“You might also want to tell family members that your degree won't completely dictate your future career,” Huhman explains. “Many folks who have degrees in fields that work with one another—such as journalists and public relations professionals—sometimes find themselves working in the opposite field once they've gained some experience and learned about their preferences.” Respond with: “My major actually has a lot of potential career paths. (Name some of them.) I’m also planning on meeting with a career counselor to discuss all of my options.”

“Why don’t you study something more practical?”

Some people take it one step further and end up coming off as pushy and rude. It’s inconsiderate of someone to judge your major choice, but be prepared to stick up for what you want to study. In this scenario, it’s OK to defend yourself and explain your reasoning. “In answering this question, you can emphasize your interests and strengths in the particular field you decided to study,” says Huhman. For example, if your aunt is giving you a hard time about pursuing film studies, back up your decision. Say something like, “I’m really interested in film and I see it as an important part of my life in the long-run. It’s important to me to study something that I feel confident in. I’ve learned about a lot of different careers that I can pursue with my major.”

Miller believes that all majors can offer valuable skill sets to students. “Generally employers are interested in things like communication skills, teamwork and critical thinking. Any good liberal arts education will give every student those skills. So, the right choice is to study something you’re interested in, and then supplement those courses with practical experiences that will help further your career goals.” Referencing the future will show that you have thought about things realistically. To ensure that you’re prepared, do a little more research on the field that you’re studying. Next time, you’ll be able to provide your family with some potential job titles and put an end to their prying.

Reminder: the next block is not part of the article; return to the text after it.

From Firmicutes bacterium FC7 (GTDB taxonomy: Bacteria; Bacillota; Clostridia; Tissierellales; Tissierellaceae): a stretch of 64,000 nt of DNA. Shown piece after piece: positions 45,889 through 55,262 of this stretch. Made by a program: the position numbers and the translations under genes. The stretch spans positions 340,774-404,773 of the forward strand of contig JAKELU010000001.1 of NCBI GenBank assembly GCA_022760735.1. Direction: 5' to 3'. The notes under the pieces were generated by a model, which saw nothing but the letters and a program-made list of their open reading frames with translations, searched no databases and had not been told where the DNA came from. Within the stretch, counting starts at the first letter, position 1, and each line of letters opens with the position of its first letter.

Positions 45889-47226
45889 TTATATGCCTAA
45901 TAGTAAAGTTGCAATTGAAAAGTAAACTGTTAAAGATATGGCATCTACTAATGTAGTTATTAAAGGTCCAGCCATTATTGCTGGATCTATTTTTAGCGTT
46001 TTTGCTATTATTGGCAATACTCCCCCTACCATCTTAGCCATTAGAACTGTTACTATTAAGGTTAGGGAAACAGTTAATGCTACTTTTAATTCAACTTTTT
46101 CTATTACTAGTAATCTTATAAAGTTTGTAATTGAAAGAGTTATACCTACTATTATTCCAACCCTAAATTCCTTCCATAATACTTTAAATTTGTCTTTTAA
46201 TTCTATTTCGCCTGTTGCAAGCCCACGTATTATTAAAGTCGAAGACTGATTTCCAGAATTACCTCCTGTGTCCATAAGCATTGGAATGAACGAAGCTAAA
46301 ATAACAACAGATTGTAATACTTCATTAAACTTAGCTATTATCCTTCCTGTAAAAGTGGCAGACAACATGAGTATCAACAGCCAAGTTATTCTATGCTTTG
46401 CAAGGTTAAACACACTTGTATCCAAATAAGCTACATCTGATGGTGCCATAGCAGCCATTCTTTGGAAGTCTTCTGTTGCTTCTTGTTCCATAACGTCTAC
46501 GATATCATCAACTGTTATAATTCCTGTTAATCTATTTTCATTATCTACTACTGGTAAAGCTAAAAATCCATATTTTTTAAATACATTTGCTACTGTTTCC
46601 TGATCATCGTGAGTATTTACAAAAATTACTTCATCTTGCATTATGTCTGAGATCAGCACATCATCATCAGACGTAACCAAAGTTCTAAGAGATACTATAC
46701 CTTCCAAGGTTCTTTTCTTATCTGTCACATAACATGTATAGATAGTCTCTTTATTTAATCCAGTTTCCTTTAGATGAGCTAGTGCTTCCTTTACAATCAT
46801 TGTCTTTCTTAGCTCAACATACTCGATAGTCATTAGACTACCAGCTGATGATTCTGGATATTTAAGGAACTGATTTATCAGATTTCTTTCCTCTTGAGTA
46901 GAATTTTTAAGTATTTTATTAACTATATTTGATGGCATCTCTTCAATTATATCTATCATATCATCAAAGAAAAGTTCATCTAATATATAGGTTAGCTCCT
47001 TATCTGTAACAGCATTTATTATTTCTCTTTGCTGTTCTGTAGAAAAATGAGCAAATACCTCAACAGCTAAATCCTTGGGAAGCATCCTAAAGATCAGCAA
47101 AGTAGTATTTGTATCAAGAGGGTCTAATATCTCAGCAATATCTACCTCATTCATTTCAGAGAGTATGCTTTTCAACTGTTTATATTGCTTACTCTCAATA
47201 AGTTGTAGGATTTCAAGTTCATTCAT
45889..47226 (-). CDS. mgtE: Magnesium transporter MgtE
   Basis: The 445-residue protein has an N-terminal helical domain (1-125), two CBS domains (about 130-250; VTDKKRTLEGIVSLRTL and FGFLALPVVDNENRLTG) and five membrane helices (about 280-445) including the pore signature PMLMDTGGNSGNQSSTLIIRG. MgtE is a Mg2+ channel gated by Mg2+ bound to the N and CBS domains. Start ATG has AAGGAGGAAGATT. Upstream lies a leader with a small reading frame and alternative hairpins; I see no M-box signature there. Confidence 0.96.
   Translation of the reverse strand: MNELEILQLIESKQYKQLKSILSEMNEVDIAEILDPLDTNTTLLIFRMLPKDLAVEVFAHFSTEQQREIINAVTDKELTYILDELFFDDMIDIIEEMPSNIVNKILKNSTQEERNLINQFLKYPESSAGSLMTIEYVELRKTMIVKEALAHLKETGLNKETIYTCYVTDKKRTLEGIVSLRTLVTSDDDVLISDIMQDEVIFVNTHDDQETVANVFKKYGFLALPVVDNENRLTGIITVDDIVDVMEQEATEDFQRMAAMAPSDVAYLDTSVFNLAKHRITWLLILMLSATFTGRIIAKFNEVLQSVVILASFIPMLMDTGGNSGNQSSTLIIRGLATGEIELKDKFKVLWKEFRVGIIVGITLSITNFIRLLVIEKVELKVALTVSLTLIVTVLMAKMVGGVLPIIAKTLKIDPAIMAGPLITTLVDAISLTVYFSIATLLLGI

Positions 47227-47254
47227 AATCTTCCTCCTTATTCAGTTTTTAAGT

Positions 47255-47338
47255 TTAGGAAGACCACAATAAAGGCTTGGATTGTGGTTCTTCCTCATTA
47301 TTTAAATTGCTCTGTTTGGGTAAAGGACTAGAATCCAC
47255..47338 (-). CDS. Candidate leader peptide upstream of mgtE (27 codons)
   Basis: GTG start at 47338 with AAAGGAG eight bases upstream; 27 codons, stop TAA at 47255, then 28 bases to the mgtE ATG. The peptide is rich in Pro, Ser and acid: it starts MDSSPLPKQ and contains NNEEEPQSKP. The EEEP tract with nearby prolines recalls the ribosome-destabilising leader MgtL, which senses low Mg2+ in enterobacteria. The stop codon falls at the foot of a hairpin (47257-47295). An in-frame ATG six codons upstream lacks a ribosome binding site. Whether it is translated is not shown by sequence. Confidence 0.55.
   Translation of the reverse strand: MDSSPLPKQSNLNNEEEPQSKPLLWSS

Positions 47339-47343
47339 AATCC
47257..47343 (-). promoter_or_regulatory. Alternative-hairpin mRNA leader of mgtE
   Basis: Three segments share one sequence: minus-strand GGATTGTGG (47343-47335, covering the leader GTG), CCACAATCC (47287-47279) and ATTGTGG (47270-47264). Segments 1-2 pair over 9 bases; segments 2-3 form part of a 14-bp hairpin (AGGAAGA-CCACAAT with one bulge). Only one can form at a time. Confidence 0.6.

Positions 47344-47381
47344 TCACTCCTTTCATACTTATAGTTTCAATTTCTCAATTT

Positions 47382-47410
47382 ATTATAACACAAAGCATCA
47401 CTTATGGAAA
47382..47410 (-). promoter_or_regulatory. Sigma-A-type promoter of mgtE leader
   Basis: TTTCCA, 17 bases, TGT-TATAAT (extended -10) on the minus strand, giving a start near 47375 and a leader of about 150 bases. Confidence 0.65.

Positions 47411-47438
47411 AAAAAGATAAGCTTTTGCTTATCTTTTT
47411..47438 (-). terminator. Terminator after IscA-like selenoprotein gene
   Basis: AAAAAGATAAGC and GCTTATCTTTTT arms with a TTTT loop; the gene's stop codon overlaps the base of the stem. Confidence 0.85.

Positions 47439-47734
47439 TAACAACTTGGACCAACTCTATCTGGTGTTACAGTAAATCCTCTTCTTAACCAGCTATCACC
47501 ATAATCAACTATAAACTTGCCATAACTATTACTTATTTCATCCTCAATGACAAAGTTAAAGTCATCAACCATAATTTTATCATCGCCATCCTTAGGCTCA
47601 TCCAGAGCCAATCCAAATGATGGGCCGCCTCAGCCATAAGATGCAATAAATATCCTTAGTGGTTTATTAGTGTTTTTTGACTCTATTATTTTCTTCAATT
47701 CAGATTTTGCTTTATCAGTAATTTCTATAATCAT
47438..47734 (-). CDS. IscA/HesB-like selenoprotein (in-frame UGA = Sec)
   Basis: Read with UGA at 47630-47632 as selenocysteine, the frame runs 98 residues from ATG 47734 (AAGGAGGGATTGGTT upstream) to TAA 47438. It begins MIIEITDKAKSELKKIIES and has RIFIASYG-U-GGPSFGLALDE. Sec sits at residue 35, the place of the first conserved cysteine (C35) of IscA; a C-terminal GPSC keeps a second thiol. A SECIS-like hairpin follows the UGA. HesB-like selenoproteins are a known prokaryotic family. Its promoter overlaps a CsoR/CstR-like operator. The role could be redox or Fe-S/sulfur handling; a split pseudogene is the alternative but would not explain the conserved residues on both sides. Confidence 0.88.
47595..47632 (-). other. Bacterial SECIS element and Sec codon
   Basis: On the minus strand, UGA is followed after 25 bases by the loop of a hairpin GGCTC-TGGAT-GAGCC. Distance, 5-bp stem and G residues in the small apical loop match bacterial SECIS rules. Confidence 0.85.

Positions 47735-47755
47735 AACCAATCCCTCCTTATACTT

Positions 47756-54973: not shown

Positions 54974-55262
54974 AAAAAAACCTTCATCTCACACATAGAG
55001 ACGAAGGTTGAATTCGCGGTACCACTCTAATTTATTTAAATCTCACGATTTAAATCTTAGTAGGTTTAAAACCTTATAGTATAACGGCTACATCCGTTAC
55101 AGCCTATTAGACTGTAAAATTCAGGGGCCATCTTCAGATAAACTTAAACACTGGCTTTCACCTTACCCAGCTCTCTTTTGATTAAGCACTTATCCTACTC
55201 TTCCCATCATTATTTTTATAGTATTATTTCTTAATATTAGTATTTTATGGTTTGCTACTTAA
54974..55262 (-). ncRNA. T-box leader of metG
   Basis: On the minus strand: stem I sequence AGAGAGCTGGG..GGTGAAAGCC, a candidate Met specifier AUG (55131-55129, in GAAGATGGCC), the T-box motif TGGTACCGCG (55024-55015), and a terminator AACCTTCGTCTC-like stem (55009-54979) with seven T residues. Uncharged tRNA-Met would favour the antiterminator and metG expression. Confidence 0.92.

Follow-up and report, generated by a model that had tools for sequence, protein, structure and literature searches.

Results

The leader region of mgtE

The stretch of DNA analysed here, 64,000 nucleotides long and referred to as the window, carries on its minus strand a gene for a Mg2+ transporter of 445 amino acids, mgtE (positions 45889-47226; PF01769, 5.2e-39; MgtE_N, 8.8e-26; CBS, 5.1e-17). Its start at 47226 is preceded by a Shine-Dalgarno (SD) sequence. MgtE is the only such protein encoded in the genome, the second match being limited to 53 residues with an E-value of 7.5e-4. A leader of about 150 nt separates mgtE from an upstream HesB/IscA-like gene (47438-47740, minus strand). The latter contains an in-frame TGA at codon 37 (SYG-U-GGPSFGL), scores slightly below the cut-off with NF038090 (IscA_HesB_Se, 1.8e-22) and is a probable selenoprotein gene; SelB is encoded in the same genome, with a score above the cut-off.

“How will you support yourself and make enough money?”


Sometimes, relatives worry that you won’t be able to support yourself after graduation. They have your best interests in mind, but their concern can seem overbearing and condescending. If you’re still in college, simply explain that you’ll cross that bridge when you come to it. Reassure them that if you have a hard time making ends meet, you can take on a part-time job while you interview for a position in your desired field.

UCLA student Mia has a surefire game plan for this type of question. “Whenever my parents bug me about my future financial situation, it really gets to me. It makes me feel like they don’t trust me to make responsible decisions. But I’ve learned ways to make them understand that that I’ll be totally fine. I say things like, ‘You two have given me a great example of how to successfully manage money.  I feel confident in terms of budgeting money and taking care of my own living expenses. I know that if I work hard and keep up with my studies, I’ll end up where I’m supposed to be.’” Like Mia, it’s important to respond logically to these types of questions.

“Why do you want to waste money on grad school?”

Huhman says to use logical reasoning when approaching this question. “If, in order to land your dream job, you need a graduate degree, share this with your family. They may simply be asking because they are unfamiliar with the industry.” Respond with: “With the job field being so competitive, I feel like going to grad school will give me the edge I need to succeed in ____.”

If your family still doesn’t buy your explanation, try speaking with people who have been in your shoes. “Talk with other students about what they got out of grad school and share these stories with your family to show them the true benefits of a further education,” Huhman says.


Remember collegiettes, don’t let annoying comments from friends and family get you down. Approach their questions with these smart strategies and you’ll be out of any dreaded situation before you know it!